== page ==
I haven't structured my comments in exactly the same way as Jeff Hughes. First of all I wanted to say thanks to Peter Collins for involving me in this at the last minute. It has been a rather splendid two days with some wonderful talks where aspects of the Royal Society have been exposed to history, the history of various parts of the science in which it takes part, the pure science, the industrial aspects, the technology and biotechnology, the public understanding of sciences, the global dimensions of the scientific world, aspects of security, the influence of the Royal Society on world academies, and very much more. What I would like to do is to pose some questions that have occurred to me during the course of the meeting.
The Royal Society has, I think, been a catalyst in so many areas of science, not by making huge investment in any particular area but by excellence and everything that involves. We heard from Peter Collins this morning the way in which the real percentage of the money that they were able to use over time went down from something like 100% at the beginning to about half a percent by the 1960s and probably at a similar level now. Several people mentioned the fact that science is a global phenomenon and we've seen this repeatedly in the talks that we've heard in the past two days, with speakers mentioning the rather large role that the Royal Society has been playing in that global endeavour for the last 350 years. And I wonder whether the influence the Royal Society has had—and this has, I think, been referred to in some cases—has been in part related to the effective autonomy of the Royal Society. It has generally not been setting up institutions to control the way in which science was carried out; it has stood apart from State control. And that I think has had a huge influence.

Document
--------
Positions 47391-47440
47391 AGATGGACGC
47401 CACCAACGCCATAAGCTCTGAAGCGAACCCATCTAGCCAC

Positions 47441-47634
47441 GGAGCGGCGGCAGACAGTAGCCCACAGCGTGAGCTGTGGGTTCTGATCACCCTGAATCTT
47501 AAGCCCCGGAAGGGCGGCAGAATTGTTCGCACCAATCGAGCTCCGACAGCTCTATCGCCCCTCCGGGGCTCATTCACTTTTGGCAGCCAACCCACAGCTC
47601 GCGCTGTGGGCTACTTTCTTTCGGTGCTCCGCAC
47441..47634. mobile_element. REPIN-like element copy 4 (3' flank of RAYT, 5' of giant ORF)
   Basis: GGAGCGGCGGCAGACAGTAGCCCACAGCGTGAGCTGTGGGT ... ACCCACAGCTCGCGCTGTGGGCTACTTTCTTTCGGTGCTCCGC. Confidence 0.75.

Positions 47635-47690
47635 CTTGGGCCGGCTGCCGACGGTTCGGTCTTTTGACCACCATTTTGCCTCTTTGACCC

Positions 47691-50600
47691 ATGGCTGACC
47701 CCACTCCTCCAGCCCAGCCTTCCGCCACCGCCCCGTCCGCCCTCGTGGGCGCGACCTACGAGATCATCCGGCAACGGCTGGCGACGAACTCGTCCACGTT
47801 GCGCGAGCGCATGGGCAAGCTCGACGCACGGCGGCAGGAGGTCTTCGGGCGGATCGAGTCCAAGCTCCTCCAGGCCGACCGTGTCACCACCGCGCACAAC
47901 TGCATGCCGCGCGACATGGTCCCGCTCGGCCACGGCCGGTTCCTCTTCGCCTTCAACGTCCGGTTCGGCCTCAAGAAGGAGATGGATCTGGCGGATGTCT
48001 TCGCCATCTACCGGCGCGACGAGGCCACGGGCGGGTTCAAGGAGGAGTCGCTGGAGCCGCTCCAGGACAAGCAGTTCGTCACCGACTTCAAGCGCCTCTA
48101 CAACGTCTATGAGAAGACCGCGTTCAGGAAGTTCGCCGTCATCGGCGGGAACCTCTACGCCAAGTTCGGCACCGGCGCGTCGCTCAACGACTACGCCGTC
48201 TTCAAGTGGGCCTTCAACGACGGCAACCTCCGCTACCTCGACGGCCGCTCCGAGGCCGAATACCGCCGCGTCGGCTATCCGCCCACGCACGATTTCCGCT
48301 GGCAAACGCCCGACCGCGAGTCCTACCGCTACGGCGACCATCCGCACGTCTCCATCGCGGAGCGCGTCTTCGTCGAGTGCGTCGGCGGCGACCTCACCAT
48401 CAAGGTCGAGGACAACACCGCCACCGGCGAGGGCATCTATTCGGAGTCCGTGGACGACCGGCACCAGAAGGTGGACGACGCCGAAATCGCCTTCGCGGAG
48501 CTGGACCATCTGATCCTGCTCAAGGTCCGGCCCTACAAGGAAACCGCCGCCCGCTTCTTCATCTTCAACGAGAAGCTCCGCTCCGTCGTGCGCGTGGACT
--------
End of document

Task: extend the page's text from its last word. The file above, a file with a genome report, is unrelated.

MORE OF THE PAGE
There's also the comment that was made earlier this morning by Stephen Cox and referring back to the early words of the Society, namely to go out and to work with researchers in other places, with foreign scientists, and basically ‘without let or hindrance’ to let this happen. This wording is still used by the International Council of Scientific Unions, where we do say that we should support the belief that scientists can move around the world freely and share their experiences and their ideas without any interruption, political or any other sort.
There was one comment this morning concerning whether the tenure of the Officers should be limited rather than unlimited or at least variable as it seemed to have been in the past. I wondered whether any of the Officers in the room today would like unlimited tenure of office to come back in, or whether they would be perfectly happy with the five years!
Then there was the concern that science really cannot be planned: we should be free to follow our noses to some extent. Of course that's fine if the financial pot is pretty much bottomless—which it isn't. In effect there is some control: we have top-down policies, we have initiatives, we have grand challenges from our research councils, which are the major sources of much of our funding in the universities. Are we free really to do what we want? And does the control increase as the money decreases? There are some hard decisions for those who manage the budgets because, for example, the central facilities are very expensive to maintain and the decision has to be made about how to prioritize whether we fund more observatories or more exploratory ships or more synchrotrons. It's not an easy balance. I'm mindful of the words of George Porter: ‘Don't feed the applied sciences by starving the basic sciences.’ I'd like to hear some debate on how to set priorities and who should be involved.